As Papa John’s founder re-emerges, chain’s PR firm fires back

John Schnatter calls his resignation a ‘mistake’ and accuses Laundry Service of extortion. Here’s how communicators think the pizza company and the agency should proceed.

The hits keep on coming for those connected to Papa John’s recent crisis.

After the company’s founder and former chief executive, John Schnatter, resigned as chairman of the board following reports that he used a racial slur during a call with his PR and marketing agency, Schnatter’s actions are still causing backlash for the agency and the pizza company.

The Onion has lampooned Schnatter, and even the family of the late Colonel Sanders lashed out, calling him a “weasel” in a recent interview.

Deadspin reported:

The Louisville Courier-Journal spoke with Sanders’s descendants, who said the chicken man was not racist—even though he was once considered as a VP candidate for the very racist segregationist politician George Wallace—and that Papa John should keep the Colonel’s name out of his f***ing mouth.

Schnatter recently said stepping down was a “mistake” and vowed to fight his way back into the company.

The New York Times reported:

Then on Sunday [July 15], Papa John’s booted him from subleased office space at the corporate headquarters in Louisville, Ky., and asked him to stop speaking to the media.

But Mr. Schnatter, who opened the first Papa John’s restaurant in 1985, isn’t going to make things easy. Both he and his lawyer sent letters to the board over the weekend suggesting that he was pressured to resign without any investigation into the circumstances, which he said included an extortion attempt. Relinquishing the position, he wrote, “was a mistake.”

“John is not going to go quietly into the night and watch the company he worked so hard to build fall off a cliff,” said Mr. Schnatter’s lawyer, Patricia Glaser, who has been hired in the past to handle contract disputes by clients including Keith Olbermann and Harvey Weinstein. “He is going to protect shareholders and the company as much as he can.”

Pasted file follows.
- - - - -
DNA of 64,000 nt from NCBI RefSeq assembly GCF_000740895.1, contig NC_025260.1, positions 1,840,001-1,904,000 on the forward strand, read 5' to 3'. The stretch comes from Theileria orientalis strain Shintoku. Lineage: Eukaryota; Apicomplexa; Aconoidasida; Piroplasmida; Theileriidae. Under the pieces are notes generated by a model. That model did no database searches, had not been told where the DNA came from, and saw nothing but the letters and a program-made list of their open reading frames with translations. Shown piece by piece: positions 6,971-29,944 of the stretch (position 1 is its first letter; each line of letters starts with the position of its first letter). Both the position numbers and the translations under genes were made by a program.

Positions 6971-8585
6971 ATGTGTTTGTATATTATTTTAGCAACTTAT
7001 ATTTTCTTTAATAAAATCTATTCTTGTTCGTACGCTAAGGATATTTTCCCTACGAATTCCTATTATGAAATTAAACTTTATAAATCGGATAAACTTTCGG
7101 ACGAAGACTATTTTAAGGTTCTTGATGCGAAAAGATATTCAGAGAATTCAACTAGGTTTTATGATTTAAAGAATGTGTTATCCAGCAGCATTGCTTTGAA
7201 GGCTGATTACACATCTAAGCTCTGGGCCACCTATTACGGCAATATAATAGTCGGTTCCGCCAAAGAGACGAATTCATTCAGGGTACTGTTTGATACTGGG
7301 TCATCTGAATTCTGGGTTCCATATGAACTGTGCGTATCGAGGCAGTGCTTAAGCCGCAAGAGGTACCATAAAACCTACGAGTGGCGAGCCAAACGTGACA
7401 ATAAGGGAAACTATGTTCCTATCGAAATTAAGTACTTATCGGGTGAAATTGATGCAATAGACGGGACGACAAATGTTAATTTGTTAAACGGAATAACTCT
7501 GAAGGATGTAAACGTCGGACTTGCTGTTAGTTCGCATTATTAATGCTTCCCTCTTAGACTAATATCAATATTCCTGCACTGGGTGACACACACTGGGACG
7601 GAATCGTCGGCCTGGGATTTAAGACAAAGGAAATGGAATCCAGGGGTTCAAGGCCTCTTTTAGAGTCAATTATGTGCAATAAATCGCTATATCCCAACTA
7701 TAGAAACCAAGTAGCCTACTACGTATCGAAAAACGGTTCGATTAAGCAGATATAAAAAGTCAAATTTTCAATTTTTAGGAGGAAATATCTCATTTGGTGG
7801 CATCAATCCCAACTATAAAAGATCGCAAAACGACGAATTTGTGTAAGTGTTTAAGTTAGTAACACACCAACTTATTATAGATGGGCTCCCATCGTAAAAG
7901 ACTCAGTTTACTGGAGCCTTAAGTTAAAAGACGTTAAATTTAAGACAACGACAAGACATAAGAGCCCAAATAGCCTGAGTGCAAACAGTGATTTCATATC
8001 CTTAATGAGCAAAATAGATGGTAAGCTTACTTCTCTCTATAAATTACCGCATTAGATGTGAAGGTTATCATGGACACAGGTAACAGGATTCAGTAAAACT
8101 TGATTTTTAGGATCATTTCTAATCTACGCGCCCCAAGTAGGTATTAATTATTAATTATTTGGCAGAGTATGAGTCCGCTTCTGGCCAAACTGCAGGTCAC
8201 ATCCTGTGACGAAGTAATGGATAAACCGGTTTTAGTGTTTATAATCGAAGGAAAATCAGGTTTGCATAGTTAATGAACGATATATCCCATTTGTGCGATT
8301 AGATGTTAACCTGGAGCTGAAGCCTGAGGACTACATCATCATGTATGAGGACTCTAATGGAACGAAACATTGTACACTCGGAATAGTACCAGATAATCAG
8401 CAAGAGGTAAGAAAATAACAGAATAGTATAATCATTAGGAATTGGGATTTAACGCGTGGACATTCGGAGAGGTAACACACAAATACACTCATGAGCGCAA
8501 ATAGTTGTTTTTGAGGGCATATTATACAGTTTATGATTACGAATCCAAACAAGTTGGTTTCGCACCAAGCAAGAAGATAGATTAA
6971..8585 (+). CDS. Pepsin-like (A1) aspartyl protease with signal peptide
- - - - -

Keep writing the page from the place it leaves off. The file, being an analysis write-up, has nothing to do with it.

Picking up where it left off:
Schnatter is leveling extortion allegations against the agency.

Yahoo Finance reported:

He told the board that Papa John’s fired Laundry Service the day after the call took place, but still owed the media agency about $1.3 million. Schnatter said that the agency requested $6 million “because they claimed some of their people had been offended by what I had said” and that one of their attorneys threatened “a smear campaign” if Papa John’s didn’t pay up. He said the company ultimately paid Laundry Service $2.5 million.

Added to Schnatter’s previous actions, both Papa John’s and Laundry Service are feeling the heat of a reputational disaster.

Communications and PR strategist David B. Grinberg says:

Schnatter’s failure to follow the crisis communications playbook added fuel to the fire. He should have faced the media via a live press conference. Admit wrongdoing. Apologize to the public. Show heartfelt remorse. Ask for forgiveness. Explain that using the N-word is always wrong, regardless of the context. Talk about life lessons learned regarding race. Express renewed commitment to combat racism. Then pivot to positive messaging.

Laundry Service, which is owned by talent management company Wasserman, has kept its head down since Schnatter’s remarks. Adweek obtained a copy of an internal memo sent to Laundry Service’s employees, which instructed them not to talk to reporters about the incident.